In an allergy, the body has a hypersensitive reaction to substances that are harmless in themselves, such as proteins of pollen. The incidence of allergies in industrialised countries is partly linked to our modern lifestyle.
An allergy or an allergic disease means a hypersensitivity reaction of the body to harmless foreign substances. These substances, nearly always proteins (e.g. of pollen, house dust mites, animals, foods or medicines), are referred to as allergens. If sufferers come into contact with these allergens, for instance through their diet or by inhaling them, the body reacts with a defence that is inappropriate and is referred to as an allergy. This reaction to the foreign-body substance leads to a variety of allergic symptoms.
Around 35 per cent of the Swiss population are sensitised to allergens and hence have a predisposition to allergies. Approximately 20 to 25 per cent have already displayed allergic symptoms. These figures are in line with experiences in other industrialised countries. The risk of allergy is unequally distributed. Children whose parents or siblings already suffer from allergies have a higher risk of developing allergic reactions as well.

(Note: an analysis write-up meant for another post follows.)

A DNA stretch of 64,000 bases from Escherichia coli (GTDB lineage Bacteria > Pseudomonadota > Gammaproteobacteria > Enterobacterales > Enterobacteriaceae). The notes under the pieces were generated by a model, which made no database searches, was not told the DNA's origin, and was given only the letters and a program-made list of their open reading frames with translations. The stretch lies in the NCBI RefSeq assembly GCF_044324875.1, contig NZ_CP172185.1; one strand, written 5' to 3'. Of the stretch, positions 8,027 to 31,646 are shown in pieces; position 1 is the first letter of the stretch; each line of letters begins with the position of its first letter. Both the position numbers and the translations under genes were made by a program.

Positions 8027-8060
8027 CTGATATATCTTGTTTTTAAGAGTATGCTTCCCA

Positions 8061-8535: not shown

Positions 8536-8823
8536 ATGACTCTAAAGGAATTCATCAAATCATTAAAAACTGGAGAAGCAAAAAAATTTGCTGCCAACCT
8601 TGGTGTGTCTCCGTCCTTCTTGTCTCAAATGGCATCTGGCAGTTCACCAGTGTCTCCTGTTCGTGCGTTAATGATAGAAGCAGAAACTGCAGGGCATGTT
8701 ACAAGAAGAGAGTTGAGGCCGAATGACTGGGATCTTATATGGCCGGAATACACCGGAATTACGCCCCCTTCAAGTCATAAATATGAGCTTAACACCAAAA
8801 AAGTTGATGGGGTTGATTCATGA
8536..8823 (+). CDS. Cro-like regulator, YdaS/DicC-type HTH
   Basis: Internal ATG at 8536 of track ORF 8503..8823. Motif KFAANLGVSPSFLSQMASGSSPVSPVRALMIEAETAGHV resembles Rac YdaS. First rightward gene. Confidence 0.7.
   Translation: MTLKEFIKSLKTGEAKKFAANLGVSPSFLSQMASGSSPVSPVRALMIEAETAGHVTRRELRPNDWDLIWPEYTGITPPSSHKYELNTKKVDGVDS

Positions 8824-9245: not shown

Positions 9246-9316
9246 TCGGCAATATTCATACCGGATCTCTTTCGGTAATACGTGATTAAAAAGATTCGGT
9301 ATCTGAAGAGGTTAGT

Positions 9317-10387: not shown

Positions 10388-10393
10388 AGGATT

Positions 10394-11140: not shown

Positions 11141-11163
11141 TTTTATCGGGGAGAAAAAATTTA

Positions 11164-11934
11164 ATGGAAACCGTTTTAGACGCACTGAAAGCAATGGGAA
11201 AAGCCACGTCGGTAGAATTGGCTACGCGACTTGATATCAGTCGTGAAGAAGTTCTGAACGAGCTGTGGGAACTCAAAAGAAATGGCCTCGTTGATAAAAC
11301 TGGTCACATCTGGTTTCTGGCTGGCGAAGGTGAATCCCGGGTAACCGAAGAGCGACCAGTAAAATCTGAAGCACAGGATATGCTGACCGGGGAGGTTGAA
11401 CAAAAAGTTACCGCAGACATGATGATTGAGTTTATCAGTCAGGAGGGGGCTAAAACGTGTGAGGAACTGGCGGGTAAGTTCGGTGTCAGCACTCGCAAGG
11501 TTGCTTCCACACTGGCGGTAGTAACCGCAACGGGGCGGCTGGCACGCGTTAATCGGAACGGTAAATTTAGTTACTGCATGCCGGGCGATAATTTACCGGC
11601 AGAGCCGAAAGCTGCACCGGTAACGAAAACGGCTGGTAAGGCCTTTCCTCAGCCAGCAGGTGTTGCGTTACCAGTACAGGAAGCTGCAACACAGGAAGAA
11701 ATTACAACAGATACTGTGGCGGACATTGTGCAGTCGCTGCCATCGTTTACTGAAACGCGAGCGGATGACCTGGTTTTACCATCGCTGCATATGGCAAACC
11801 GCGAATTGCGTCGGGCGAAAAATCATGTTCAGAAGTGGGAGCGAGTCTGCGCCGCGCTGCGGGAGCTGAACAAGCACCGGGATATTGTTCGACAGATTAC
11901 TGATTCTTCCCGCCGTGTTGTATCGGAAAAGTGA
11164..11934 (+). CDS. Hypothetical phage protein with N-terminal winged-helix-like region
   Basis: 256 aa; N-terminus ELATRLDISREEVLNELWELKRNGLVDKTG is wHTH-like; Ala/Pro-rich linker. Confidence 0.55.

In recent years and decades, allergies have generally increased sharply. The reasons for this have still not been fully explained. It is obvious, however, that allergies are on the increase in countries with a high standard of living and improved hygiene. There is an assumption that the high hygiene standards are partly responsible. The immune system is put under far less stress from natural enemies (but also harmless bacteria, viruses), so that it has forgotten how to distinguish between harmful and harmless substances and overreacts to harmless proteins.